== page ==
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Summer Road Trip 2018, Part 13: Cape Flattery

On Tuesday afternoon, I received a call from Mariah at Wilder Honda letting me know the CV-axel had arrived, the repair was completed, and Ellie was ready to be picked up.

After five days of exploring Olympic National Park in Ansel, the black Honda Insight on loan from the dealership, it was time to get back on track.

I transferred my gear from Ansel back into Ellie, paid the $800 repair bill and got back on the road.

The breakdown put me a little behind schedule. I made the best of my extra time by exploring Olympic National Park in more depth but it was time to move on from Olympic and get down to Mount Rainer National Park.

I had a couple of places to see before leaving Olympic. The first was Cape Flattery, which sits at the extreme northwest corner of the lower 48. The cape itself is technically not the United States but rather it's a tribal reservation of the Makkah. It was a place I'd always intended to visit but purposely waited for the opportunity to do it in Ellie.

It was early in the afternoon when I finally got back on the road so my trip to the cape would have to wait for the following day. The first order of business was to find a place to camp for the night.

I headed west from Port Angeles and, for the first time, I had Ellie on the stretch of US Highway 101 that I'd been traveling on for almost a week. I decided to checkout the Elwha River Valley road that I'd passed up in Ansel a few days earlier. The park entrance was closed to vehicles just beyond the boundry sign. I parked briefly to take a short walk along the bank of the mighty Elwha River.

From the Elwha River Valley, I continued west on US-101, pulling over along Lake Crescent to appreciate the fact that Ellie was back in commission.

The smoke from the California wildfires had settled over the lake giving it a hazy sense of depth as I gazed to the lake's opposite shore.

I pulled into the Crescent Lodge to stretch my legs and have a quick beer. The midweek crowd was light and the activity along the shore seemed serene compared to the weekend hustle and bustle a few days earlier.

I left the lodge and continued on US-101, pulling off at La Poel, a fabulous day use area on the shore of Lake Crescent. La Poel is a hidden gem that's easy to pass up but totally worth the detour.

Just beyond the shores of Lake Crescent, I turned on the road to Soleduck Valley to see if any pullouts suitable for camping were available. I drove as far as the park boundry, but decided to return to US-101 and continue looking for a better place park for the night.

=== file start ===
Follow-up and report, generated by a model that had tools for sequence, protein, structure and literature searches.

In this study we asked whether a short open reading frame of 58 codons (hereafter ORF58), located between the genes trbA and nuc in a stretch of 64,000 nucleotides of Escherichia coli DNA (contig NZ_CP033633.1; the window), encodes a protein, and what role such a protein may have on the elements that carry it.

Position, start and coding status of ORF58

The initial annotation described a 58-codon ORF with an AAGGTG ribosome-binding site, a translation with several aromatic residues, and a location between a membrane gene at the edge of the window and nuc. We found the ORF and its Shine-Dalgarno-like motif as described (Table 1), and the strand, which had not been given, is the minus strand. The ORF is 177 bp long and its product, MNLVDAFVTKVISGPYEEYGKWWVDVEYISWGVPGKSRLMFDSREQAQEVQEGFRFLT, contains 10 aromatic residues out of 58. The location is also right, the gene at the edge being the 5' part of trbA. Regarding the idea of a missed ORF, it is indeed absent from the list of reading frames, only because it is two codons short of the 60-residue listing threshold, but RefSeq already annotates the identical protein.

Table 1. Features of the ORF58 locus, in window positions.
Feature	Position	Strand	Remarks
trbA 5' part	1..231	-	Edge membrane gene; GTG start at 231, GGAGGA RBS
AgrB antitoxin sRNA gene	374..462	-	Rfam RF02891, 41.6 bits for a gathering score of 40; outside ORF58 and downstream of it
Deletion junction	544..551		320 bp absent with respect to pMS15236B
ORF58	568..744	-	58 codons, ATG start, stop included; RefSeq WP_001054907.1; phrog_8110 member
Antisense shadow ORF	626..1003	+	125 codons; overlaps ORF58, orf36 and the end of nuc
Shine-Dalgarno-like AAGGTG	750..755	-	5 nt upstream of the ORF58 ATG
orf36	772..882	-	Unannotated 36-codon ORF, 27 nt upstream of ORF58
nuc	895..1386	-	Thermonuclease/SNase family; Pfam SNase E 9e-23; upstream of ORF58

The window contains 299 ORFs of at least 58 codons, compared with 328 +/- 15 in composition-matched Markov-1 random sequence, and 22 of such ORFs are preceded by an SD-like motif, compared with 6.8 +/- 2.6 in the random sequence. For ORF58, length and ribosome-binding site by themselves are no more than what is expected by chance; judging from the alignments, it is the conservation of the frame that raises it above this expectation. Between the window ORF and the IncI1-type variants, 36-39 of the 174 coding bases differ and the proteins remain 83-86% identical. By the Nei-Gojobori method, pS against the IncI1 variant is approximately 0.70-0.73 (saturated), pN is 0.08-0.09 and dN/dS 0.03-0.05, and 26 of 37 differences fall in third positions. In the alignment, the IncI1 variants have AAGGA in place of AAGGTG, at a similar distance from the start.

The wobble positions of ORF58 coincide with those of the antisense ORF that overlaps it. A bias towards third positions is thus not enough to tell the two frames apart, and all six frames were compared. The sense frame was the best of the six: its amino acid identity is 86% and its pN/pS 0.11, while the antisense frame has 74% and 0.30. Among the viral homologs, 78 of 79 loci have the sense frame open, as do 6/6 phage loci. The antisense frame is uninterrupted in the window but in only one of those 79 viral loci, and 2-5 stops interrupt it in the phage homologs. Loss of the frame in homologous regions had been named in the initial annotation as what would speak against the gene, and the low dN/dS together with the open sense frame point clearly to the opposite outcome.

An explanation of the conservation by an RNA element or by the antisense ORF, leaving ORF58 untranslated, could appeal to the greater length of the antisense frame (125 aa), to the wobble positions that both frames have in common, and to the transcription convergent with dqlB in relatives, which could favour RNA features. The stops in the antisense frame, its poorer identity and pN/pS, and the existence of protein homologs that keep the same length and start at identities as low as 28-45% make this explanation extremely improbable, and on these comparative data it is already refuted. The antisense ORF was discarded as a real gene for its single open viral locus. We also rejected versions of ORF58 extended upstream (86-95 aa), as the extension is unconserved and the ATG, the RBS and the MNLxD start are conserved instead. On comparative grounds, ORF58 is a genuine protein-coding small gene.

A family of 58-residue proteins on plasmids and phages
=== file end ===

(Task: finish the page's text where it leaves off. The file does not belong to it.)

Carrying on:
It was beginning to get dark so the need for a place to camp was starting to feel urgent. Unfortunately, it was too late to expect availability at any of the park campgrounds so I continued down US-101 looking for pullout options.

The second place I wanted to see was the Hoh Rain Forest so I headed toward that area of Olympic National Park. The stretch of road between US-101 and the Hoh Rain Forest park entrance had several promising pullouts that would make a good place to park for the night.

I continued to the park boundry to get a picture of Ellie by the Hoh Rain Forest sign.

After getting the picture, I returned to the best pullout I'd seen on my way in. It was almost dark when I backed into the pullout where I planned to spend the night.

The next morning I was back on the road heading out to Cape Flattery. From the Sol Duc valley, I caught US Highway 113 toward the coast then took US Highway 112 along the southern shore of the Strait of Juan de Fuca.

I stopped to read a series of signs at the entrance to the Makkah Tribal Reservation. I had a cooler of beer but decided to proceed with caution.

I visited the Makkah Museum to purchase a day pass that is required to park at the Cape Flattery trailhead. The gentleman working the counter tried to talk me out of purchasing the pass, ensuring me the sign at the reservation's entrance was overstated and that a pass would not be necessary at the trailhead. I purchase the pass anyway as a donation and continued to the cape.

From the parking lot, I continued up a gravel road. Before I knew it, I was at a dead end with another hiker, Zoey, who I was talking with just before realizing we'd went the wrong way.

We soon found the proper trail and continued our conversation about the previous year's eclipse on the hike out to the bluffs.

The view of the Pacific Ocean was fantastic from high atop the bluffs of Cape Flattery. The air was cool and the wind was gusty as the waves crashed against the jagged cliffs.

We explored the cape overlooks and took several pictures before returning to the parking lot to continue on our separate ways.

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